Archaeologists tell us that snake worship was popular in Egypt and among other peoples with whom Israel came in contact. The evidence is clear (2 Kings 18:3-4) that the Israelites took on at least some aspects of such worship--along with many other bad habits acquired from paganism. We don't know at what point Israel adopted its holy cult-object stance toward the bronze serpent; it could have been from the very outset. Yet even in that case, we ought not find it incredible that God should in fact respond positively to such a wrongheaded approach. Positively, for good, is just how God did respond not only in this case of the bronze serpent, but also to Israel&rsqio's misguided demand for a human monarch, to its building a temple God said he did not want, to the cult of animal sacrifice (which the prophets said God did not want), and on and on. If God were to hold out for our "right" approach before being willing to respond with his "good," very little if any of his good would ever have come our way.

    In any case, Moses' old (and perhaps even then sacramentalized) miracle of the bronze serpent has newly been superseded and displaced: "And just as Moses lifted up the serpent in the wilderness, so must the Son of Man be lifted up, that whoever believes in him may have eternal life."

    In that first instance, it was Moses who did the lifting up--of a bronze serpent on a pole--so that any snake-bitten Israelites who looked upon it might have their lives preserved (at least until they died from something else). However, in the new superseding case, it is God who does the lifting up; and what he lifts up is his only Son onto that pole which is the cross. (In this Fourth Gospel, Jesus’ being either "lifted up," or "glorified," regularly has reference to his crucifixion.) And now, whoever in faith looks upon this Lifted-Up One will not simply have his earthly life preserved for a time; he will receive what this Gospel calls "eternal life," a totally new quality of life that begins now and is completely invulnerable to any sort of death for ever more.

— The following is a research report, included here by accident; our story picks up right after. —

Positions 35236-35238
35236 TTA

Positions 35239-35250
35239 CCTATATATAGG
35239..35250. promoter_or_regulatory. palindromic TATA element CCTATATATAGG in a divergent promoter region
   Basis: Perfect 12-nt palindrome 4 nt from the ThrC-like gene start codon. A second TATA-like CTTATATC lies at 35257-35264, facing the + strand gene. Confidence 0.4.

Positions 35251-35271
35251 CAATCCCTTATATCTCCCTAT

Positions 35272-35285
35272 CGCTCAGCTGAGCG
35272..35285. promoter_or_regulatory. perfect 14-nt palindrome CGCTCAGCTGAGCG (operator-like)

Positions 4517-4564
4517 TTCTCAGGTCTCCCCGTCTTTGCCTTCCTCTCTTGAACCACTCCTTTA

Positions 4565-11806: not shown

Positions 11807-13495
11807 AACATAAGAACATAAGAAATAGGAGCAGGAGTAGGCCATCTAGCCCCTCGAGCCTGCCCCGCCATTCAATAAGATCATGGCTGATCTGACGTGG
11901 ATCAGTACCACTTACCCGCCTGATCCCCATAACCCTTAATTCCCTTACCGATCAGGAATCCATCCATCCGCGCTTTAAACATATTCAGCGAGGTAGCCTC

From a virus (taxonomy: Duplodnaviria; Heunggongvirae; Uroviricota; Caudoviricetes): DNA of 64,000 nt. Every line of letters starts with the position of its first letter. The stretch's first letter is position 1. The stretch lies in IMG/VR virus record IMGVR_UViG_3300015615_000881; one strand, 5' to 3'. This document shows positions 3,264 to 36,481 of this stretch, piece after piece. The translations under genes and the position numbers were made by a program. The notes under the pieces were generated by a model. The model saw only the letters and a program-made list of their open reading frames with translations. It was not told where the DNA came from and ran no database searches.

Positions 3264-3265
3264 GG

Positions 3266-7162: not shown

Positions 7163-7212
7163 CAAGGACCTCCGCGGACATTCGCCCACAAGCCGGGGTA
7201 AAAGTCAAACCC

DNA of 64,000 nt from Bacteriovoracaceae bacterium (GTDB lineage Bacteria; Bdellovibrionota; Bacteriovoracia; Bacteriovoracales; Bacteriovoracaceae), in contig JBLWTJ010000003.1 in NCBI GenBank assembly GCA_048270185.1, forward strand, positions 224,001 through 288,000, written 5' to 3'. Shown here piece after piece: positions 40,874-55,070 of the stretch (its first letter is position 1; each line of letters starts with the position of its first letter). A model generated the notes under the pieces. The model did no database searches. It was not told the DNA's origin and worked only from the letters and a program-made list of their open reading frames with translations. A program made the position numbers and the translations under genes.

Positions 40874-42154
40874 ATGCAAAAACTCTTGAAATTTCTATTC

But why should God even want to undertake such a stupendous and costly effort on behalf of people who have done absolutely nothing to deserve it? Answer: Because "God so loved the world that he gave his only Son [to be lifted up on the cross], that everyone who believes in him [looks upon the Lifted-Up One in faith] will not perish [as all those saved through Moses’ miracle eventually did] but have eternal life."

    As I said, Jn. 3:16 is much more than just the Bible's best memory verse. And what the New supersedes in this case is precisely the old sacramentalism of any "holy objects" such as the bronze serpent.
  6. In Jn. 3:17-21, the text opens by talking about old "condemnation" being superseded by new "salvation"--which it proceeds to transpose into old "darkness" and new "light." What is most striking is that the new light comes for the sake of everyone. No one is condemned to darkness; those still in it are there because they have preferred not to come to the light. Yet, why under the sun (better; "why, avoiding the sun") would anyone prefer not to come to the light?